Having lived in Montreal for nearly six years, I can safely say that Emily has known "cultural diversity" in so many ways - Ethnic, Religious, Language - that I now worry about our return to the US.

Even here, she has been told she is not Black...since her friends see her as possibly First Nations, or of Latin descent. She has had friends from India, much darker skinned than she, call each other black and tell her she was not black. During one trip to New York City, Latinas would constantly come up to us and begin to speak with us  - admiring Emily. They believed that her father had to be Hispanic, and since Terrance was not with us at the time, there was no identifiable partner to my White-white-girlness.

Last year, she had her first incident of having a dark skinned girl dislike her ( and verbally disparage her) because she was light skinned with "good" hair.  Don Lemon's opinion piece on CNN still holds a great deal of truth in many black american families and communities. It still takes only one drop for many people.

Yesterday, I was showing her pictures I have been scanning in of her as a baby. At her second birthday, we had invited a friend of hers, from child care, over. Brandon was, like her, biracial - with a white mom and black dad.

Emily looked at the pictures and was shocked. She had forgotten Brandon, and certainly forgotten that he was like her, biracial in an extremely white state.  In her surprise, she blurted out, "He's coloured!" - which was her brain mixing up words and concepts and even languages.

Her father freaked out.


As he barrelled into my bedroom yelling "WHERE DID YOU HEAR THAT WORD?! TELL ME RIGHT NOW. DID ONE OF YOUR FRIENDS USE THAT WORD?", Emily's mien was that of one confused person. She had no idea what she had said that caused such an intense reaction in her father.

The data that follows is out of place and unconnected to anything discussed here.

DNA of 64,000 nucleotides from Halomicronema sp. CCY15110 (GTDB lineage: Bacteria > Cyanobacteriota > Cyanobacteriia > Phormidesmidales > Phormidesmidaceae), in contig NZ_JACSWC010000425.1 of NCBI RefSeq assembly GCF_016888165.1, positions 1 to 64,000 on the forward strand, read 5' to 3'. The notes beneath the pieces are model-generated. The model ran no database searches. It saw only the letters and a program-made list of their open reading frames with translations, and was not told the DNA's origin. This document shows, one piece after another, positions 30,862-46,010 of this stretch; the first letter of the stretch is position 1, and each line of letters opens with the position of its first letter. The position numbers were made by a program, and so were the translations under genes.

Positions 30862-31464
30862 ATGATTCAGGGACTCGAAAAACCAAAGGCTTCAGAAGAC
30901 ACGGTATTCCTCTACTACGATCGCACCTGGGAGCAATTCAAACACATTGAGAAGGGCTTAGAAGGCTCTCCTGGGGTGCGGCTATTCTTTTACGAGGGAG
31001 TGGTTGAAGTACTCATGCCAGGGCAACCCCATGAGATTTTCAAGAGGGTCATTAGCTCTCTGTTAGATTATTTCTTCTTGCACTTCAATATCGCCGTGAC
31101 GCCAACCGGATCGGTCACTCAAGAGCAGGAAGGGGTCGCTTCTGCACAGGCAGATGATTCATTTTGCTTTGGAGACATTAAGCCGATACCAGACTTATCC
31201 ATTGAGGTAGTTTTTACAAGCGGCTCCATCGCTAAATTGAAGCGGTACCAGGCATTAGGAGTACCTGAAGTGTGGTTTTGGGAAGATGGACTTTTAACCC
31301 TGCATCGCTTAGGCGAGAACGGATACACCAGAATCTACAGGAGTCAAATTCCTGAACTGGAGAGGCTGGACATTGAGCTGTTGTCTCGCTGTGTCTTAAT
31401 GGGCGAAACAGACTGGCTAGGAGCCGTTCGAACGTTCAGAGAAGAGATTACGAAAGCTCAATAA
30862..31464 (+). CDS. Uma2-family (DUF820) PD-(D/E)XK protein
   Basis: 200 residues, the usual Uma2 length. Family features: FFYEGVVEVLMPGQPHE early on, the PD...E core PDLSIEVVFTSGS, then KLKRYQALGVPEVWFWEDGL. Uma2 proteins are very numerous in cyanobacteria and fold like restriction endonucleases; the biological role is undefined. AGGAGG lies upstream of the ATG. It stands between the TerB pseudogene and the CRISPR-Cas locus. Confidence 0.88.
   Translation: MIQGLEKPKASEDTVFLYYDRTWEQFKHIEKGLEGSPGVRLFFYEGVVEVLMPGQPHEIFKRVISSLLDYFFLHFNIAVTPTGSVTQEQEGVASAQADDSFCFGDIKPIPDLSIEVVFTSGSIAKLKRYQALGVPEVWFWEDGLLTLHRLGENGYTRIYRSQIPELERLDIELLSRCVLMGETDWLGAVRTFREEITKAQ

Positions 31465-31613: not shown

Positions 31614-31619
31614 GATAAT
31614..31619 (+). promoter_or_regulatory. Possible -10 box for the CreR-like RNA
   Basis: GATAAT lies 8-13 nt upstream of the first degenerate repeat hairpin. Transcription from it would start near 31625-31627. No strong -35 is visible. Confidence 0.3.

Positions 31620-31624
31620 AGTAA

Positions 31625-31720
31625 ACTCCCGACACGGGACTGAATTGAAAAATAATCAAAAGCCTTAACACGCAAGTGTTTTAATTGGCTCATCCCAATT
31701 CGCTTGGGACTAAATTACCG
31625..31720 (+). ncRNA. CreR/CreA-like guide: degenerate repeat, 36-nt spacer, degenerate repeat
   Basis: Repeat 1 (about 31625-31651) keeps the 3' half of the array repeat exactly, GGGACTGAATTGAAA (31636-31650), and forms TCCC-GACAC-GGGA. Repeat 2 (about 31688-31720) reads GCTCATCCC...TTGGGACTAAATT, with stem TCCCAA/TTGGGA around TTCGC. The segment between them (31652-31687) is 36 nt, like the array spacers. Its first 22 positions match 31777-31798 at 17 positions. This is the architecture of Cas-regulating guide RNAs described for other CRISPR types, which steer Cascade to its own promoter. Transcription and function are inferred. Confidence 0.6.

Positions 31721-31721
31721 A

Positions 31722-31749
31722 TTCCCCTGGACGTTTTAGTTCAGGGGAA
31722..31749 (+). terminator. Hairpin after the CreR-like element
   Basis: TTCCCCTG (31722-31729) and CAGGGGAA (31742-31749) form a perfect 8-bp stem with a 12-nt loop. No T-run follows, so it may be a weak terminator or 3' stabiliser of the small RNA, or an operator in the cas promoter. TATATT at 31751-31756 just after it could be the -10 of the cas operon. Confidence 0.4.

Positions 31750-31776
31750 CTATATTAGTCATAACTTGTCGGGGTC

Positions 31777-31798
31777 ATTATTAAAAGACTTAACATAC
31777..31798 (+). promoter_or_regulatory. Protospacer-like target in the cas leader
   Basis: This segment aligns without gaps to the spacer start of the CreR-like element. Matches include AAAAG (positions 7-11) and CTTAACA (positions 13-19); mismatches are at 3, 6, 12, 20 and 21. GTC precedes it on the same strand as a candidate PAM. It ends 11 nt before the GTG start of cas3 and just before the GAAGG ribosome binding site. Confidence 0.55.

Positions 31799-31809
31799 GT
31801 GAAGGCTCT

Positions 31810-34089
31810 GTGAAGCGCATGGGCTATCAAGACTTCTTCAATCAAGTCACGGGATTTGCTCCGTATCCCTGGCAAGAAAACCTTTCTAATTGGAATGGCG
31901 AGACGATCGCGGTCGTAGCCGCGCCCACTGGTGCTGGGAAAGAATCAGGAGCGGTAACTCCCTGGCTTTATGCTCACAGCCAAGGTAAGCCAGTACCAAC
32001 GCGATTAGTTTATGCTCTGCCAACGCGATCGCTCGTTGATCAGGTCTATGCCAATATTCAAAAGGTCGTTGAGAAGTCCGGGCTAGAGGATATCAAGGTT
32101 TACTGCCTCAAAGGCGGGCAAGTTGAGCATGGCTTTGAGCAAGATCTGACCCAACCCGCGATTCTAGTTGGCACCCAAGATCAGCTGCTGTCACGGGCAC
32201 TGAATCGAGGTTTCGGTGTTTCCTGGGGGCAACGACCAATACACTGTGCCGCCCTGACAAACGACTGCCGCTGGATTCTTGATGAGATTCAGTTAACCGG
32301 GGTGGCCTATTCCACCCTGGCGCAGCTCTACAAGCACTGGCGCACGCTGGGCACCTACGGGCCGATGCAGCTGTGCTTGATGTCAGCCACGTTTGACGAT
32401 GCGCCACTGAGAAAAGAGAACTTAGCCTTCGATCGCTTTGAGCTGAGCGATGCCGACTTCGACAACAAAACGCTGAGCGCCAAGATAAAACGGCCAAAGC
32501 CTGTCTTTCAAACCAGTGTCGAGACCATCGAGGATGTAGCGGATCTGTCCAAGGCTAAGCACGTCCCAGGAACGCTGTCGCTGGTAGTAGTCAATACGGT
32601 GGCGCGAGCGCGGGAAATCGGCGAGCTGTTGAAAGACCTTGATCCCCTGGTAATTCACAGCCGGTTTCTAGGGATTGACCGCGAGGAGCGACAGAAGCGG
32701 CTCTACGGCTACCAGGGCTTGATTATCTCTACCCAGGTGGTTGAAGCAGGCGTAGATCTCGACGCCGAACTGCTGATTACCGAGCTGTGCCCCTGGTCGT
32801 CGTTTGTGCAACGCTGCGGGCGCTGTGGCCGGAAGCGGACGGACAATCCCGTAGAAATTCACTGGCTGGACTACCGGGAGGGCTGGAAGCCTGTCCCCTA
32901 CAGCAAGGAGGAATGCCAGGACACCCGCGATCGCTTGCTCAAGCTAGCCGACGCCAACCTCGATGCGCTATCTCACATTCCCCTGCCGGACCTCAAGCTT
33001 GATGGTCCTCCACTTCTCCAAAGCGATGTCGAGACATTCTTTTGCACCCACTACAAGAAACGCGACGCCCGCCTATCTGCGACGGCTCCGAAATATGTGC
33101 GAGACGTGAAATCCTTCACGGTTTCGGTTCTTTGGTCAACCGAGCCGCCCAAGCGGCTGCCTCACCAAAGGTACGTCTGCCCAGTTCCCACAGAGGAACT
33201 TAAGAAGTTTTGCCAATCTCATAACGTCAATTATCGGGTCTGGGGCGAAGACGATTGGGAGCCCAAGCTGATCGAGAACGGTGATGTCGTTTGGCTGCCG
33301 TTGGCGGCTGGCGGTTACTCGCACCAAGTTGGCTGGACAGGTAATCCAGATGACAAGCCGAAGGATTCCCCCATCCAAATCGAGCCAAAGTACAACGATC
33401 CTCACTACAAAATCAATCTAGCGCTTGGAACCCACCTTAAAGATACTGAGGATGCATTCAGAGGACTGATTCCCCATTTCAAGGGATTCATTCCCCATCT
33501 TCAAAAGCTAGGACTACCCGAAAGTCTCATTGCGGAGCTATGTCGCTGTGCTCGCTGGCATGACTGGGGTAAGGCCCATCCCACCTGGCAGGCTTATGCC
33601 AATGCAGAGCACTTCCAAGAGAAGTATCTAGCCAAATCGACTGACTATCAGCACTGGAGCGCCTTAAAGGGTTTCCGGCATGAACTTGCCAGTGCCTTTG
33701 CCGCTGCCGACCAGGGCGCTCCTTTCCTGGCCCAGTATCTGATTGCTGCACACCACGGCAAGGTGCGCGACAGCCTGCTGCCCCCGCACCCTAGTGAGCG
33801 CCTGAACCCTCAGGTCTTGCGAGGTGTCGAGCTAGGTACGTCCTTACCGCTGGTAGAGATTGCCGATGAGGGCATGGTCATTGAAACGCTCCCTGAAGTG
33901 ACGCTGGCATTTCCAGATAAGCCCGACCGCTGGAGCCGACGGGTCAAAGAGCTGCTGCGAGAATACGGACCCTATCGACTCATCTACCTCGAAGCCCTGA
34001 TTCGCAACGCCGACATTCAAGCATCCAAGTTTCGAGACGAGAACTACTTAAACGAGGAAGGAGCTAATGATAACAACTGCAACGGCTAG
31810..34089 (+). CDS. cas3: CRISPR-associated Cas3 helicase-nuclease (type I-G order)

I had to put my hand out and stop him - remind him that I don't think she had a concept of that word as derogatory, given our many years here in Montreal, where racism isn't encountered in the same forms as it lives in the US.

(Racism is alive and well in Montreal, don't get me wrong, it just lurks in different forms. "Mulatto" is still a term used here, as it has a different cultural context, not to mention we are in  French speaking province)

After I had calmed him down, I explained to her that "coloured" was a term of prejudice, used in signs and language of segregation that existed in the not terribly distant past. That her father heard that word as one of disrespect, of racism.  That his instinct remains that of a man who was born in 1961, a year when our marriage would have still be illegal, and before the Civil Rights movement.

So do my family still talk about issues of race? Yep. Nearly Everyday.

I suspect we always will.

3 Baleful Regards:

Teena in Toronto said...

She's lucky she has two races to be proud of.

Anonymous said...

It might be easier for her, back in the States, than you imagine. I'm in Boston, and my (half Black, half Puerto Rican) girls have so many half-this and half-that cousins and friends at school I can hardly believe it. It's funny because my oldest daughter's two closest friends are half Black American/half Jewish, and half Senegalese/half Irish American respectively. The three of them look like sisters when they're together but their backgrounds are completely different. It's wonderful.


Anonymous said...

I would not worry too much - she is beautiful on the outside and you are seeing to it that she will also be beautiful on the inside - good job!